CHARLESTON (AP) - West Virginia voters once again have rejected a push to allow sheriffs to serve more than two consecutive terms.
The proposed constitutional amendment was voted down on Tuesday, as a ballot measure in the General Election. It was the fourth time voters have rejected lifting the term limits on the state's 55 sheriffs, with the last vote on the measure occurring in 1994.
Voters amended the constitution in 1973 to allow sheriffs a second term.
Currently, the state Constitution forces candidates to sit out a minimum of one term after serving two consecutive four-year terms as sheriff.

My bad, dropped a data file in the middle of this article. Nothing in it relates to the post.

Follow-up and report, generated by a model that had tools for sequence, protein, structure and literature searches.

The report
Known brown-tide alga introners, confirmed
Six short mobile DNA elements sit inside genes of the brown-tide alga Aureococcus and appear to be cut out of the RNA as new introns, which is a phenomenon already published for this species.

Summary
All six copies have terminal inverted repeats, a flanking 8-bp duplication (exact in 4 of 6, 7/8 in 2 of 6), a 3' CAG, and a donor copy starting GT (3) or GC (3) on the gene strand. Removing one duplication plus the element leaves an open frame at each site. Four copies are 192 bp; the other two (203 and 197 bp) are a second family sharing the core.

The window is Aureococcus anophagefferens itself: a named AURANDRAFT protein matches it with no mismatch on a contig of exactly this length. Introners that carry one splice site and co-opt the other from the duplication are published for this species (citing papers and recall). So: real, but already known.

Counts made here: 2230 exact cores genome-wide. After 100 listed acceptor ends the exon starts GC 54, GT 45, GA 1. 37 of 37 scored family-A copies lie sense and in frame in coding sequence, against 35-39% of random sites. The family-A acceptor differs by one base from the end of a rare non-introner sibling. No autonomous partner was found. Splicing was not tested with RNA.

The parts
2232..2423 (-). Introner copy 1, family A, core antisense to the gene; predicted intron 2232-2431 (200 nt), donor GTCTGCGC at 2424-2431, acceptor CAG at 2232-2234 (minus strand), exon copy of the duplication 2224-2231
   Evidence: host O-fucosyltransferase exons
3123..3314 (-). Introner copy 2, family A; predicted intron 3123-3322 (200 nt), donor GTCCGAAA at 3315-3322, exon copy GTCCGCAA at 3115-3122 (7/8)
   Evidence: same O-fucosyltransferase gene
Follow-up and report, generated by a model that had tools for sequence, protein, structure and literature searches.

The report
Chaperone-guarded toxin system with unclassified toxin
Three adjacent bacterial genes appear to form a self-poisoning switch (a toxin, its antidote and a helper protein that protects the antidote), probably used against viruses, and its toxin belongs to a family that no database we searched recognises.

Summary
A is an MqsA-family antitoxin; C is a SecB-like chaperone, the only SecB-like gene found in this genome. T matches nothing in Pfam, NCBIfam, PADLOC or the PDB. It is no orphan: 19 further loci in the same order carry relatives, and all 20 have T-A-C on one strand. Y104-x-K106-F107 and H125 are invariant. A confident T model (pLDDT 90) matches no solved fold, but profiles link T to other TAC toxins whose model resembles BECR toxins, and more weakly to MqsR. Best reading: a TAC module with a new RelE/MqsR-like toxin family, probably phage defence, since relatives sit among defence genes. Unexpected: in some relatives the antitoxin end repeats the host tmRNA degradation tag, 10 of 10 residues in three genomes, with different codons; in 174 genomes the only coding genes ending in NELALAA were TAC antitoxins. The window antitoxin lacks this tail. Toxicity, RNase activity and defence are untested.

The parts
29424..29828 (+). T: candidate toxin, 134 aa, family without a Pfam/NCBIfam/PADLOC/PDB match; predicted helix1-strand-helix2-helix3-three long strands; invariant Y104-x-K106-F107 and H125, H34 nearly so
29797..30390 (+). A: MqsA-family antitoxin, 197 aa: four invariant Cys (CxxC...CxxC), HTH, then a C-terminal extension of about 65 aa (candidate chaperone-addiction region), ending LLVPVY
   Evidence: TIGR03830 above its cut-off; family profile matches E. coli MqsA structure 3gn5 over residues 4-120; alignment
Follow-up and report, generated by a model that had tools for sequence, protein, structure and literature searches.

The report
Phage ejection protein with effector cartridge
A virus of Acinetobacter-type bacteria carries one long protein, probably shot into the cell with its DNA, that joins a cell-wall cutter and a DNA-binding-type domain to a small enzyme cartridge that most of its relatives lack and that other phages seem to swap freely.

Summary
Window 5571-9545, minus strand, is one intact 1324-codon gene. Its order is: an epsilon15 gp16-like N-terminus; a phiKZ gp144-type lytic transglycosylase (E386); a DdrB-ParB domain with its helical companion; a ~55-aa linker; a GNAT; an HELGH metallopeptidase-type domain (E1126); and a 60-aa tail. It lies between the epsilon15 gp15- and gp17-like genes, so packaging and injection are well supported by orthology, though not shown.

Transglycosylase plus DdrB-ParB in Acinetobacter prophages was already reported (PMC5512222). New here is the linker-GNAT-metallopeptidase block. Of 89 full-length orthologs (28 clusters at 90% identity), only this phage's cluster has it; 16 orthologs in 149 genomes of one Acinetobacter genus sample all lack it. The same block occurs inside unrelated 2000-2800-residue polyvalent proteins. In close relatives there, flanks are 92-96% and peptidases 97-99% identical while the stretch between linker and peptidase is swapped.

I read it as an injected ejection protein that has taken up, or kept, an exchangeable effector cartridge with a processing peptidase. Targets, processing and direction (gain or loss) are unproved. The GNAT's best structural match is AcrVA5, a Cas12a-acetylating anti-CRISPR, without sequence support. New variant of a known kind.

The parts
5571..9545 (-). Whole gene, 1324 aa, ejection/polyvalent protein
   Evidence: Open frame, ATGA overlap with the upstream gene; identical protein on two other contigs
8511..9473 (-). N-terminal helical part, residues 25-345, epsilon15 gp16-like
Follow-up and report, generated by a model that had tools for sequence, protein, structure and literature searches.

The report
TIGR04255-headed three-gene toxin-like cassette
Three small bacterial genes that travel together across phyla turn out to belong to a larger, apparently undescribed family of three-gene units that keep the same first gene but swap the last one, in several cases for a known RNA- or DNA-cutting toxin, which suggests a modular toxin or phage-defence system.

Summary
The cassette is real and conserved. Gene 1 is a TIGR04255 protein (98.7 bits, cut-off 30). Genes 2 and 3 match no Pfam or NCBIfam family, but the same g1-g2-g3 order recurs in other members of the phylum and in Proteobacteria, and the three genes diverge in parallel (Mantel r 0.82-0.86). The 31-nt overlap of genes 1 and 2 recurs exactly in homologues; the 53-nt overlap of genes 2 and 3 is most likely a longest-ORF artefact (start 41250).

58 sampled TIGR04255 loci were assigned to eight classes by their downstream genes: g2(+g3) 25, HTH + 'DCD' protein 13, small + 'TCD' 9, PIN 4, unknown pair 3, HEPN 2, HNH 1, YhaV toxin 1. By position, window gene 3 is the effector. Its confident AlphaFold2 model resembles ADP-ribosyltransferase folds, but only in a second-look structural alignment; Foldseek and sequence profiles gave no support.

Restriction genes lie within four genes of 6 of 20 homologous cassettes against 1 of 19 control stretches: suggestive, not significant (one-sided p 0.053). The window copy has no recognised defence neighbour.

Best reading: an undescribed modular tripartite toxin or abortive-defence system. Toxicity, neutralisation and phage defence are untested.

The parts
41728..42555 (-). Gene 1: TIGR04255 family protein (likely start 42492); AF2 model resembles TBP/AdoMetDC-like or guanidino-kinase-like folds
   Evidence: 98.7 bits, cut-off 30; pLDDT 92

Only the governor is subject to a similar term limit.
The West Virginia Sheriffs Association fought for the change, arguing sheriffs don't serve long enough to accrue retirement benefits or work their way up in national trade groups.
Supporters argued term limits, as they currently exist, protect against abuse.
Only two other states, Indiana and New Mexico, have similar restrictions.